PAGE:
Congratulations to Manchester City, the best team in this country by some distance. I’m not going to be churlish and draw attention to unbeaten seasons; it’s unbecoming.
Were Manchester United were humiliated more by yesterday’s events? Being the victims who hand over the title in defeat must be a deeply unpleasant experience. But watching your team lose at home to the hopelessly inept team at the bottom of the Premier League, knowing that defeat handed the title to your local rivals? Surely that’s worse?
The astute will note that it’s a case of anything but talk about Arsenal’s defeat at Newcastle this bright and sunny morning. It won’t last, of course, and as I type this, the dark clouds provide a momentary interlude.
Honestly, I’m beyond knowing where to start. I’m a lot less emotionally eviscerated by the result and performance this morning. More phlegmatic, which is why I am grateful for the moment of sanity which prevented the anger spilling into a vitriolic post, ranting against the manager. No purpose is served, beyond making me feel better for the briefest of instances.
Those who defend the manager always laughed at the hyperbole of ‘we’re the worst team in the land’ type comments. Well, it’s a fact. Arsenal are the only one of the 92 professional clubs without an away win this year. Even Chesterfield who prop up the Football League have won away from home in 2018.
To those hardy souls who carry the baton at away games, my sympathies. Hopefully, the social side of the day makes up for it all. It always used to back in the day when results and performances failed to materialise. And that’s quite a frequent occurrence these days.
Where’s the Three-man Defence Going to Gestate? You Going to Keep it in a Box?
So, to the reason we’re here today and where to begin? For a brief spell, the hope of a victory filled the air. Alexandre Lacazette’s fine finish hinted at a potent partnership with Pierre-Emerick Aubameyang. Credit Shkodran Mustafi for an exquisitely weighted raking pass into PEA’s path.
Not that there was much design on Wenger’s part for the partnership. PEA was the square peg pushed into a round hole, played on the left albeit moving into a more central role whenever he could. The manager doesn’t have a plan to play the pair together; there’s no semblance of a tactical overhaul which makes the best use of his assets. Sigh.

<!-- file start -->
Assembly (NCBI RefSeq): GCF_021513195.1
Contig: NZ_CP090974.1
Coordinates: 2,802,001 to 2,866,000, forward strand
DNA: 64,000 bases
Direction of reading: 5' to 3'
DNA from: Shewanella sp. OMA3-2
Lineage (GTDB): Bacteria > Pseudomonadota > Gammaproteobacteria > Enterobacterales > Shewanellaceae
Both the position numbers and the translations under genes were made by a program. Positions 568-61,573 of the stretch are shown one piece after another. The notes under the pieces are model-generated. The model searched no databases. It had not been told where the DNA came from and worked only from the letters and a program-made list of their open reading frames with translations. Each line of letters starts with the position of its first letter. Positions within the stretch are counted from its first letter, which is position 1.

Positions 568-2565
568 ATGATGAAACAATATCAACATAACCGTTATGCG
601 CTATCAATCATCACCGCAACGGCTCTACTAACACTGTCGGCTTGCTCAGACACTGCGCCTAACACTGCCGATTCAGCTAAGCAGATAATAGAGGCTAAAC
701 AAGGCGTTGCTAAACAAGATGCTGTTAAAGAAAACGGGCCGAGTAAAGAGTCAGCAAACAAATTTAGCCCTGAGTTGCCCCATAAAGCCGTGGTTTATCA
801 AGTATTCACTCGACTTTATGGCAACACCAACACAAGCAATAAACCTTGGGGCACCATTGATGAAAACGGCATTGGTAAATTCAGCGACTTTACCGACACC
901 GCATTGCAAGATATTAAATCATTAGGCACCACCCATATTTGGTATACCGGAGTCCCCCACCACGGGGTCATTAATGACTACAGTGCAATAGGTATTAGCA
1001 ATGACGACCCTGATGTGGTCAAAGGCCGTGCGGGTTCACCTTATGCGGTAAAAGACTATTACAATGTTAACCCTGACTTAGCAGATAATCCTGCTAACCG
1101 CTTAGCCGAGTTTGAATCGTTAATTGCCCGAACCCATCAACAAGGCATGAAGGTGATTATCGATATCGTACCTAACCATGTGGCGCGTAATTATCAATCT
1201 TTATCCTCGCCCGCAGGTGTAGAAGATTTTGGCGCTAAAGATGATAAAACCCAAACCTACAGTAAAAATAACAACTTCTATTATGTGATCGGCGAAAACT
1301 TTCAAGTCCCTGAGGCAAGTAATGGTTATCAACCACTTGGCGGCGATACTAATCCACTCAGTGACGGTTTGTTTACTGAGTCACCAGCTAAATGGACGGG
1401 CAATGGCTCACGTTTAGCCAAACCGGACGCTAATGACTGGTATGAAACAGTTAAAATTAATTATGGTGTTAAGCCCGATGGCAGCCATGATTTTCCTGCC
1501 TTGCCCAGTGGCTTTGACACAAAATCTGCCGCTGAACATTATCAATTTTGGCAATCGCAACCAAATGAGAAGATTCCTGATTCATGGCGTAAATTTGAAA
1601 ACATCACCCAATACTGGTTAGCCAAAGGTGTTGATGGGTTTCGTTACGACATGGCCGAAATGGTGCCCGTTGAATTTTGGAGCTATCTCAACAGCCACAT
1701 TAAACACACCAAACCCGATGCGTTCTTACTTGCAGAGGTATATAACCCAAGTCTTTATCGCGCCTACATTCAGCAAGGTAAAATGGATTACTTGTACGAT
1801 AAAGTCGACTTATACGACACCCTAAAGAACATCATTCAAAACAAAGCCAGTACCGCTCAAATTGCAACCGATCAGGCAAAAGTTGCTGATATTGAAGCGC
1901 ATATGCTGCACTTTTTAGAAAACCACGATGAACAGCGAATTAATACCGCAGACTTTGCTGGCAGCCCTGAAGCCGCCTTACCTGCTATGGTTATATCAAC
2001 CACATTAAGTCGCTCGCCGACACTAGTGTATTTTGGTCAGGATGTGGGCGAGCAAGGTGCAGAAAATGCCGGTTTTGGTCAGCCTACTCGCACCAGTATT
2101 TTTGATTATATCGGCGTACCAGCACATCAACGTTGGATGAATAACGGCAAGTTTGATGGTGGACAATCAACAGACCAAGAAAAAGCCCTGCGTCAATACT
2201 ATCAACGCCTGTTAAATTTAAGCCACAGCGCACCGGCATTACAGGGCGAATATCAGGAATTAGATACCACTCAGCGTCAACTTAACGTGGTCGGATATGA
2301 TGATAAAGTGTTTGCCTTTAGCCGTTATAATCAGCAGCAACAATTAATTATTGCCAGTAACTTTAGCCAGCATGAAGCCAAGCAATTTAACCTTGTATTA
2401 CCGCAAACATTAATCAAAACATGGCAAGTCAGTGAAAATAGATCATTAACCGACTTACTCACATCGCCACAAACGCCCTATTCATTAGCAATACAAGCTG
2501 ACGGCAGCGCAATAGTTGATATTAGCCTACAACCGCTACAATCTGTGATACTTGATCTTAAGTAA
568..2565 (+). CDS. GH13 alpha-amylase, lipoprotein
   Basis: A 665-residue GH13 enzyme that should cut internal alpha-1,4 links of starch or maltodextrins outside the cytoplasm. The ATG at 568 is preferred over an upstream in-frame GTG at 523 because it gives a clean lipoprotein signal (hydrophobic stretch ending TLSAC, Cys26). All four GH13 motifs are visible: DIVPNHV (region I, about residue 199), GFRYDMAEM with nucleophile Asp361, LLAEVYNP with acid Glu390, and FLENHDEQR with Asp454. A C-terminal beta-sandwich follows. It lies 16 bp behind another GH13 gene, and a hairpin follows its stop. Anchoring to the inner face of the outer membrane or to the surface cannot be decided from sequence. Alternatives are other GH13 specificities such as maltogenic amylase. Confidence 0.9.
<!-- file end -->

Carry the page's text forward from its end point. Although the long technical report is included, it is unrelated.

Before I take issue with the performance, a brief pause to commend Chris Willock for a solid Premier League debut in testing circumstances. Plenty of promise for the future in what will surely be better Arsenal sides.
But the rest. Wenger tried to blame the trip to Russia for the poverty of some performances. According to the Frenchman, “you could see that some players had played on Thursday night, especially late in the game.”
That’s why you have substitutes; when a player is tired, replace him. It’s the sort of thing you expect a manager to be acutely aware of; Elneny might be knackered after his exertions, keep an eye on Mustafi and Monreal while you’re at it.
Yesterday’s bench had a centre-back, right-back and left-back. OK, Maitland-Niles is versatile, but the point is that two of the players seemed specifically picked to accommodate tiredness in colleagues. Wenger didn’t react to that, instead being left to chase the game long after it was over.
He’s not the Messiah, He’s a Very Naughty Boy
It’s hard to take your eyes off Mustafi, a walking defensive disaster area. While Perez finished well for the equaliser, I can’t escape the feeling that a centre-back ought to be stopping that goalbound shot.
Shelvey had already played the pass for his forwards to chase a couple of time before the goal and they were willing runners, just like Shane Long. Ball-watching, Mustafi found himself unable to force Perez wider or react to the shot.
As for the second, if there were a criminal court for defending, Arsenal were guilty. Monreal didn’t clear well at all, and Mustafi gawped as Slimani headed back across goal. Ritchie’s determination was such that he was never going to be stopped from equalising.
Ultimately, none of this matters. We lurch from one bad performance to another, unable to find any consistency. There’s no point in looking ahead because we are such a Jekyll and Hyde team, no-one can tell how we will play, least of all the manager.
He told Sky after the match that it was “baffling how we lost this game”, that “It is a little bit of the story of the season away from home: we went 1-0 up, we don’t put the game to bed and we made mistakes defensively.”
If it’s the story of the season, why aren’t you addressing it? Because it’s a trifling matter, the stuff a visionary such as Arsène can’t be expected to deal with. That’s for lesser mortals and their teams.
He offered little proof that he is the man to save the day.
“How do we address it?”
Do tell, do tell.
“By not making the same errors we have up to now, it’s quite baffling because traditionally we have been very strong away from home.”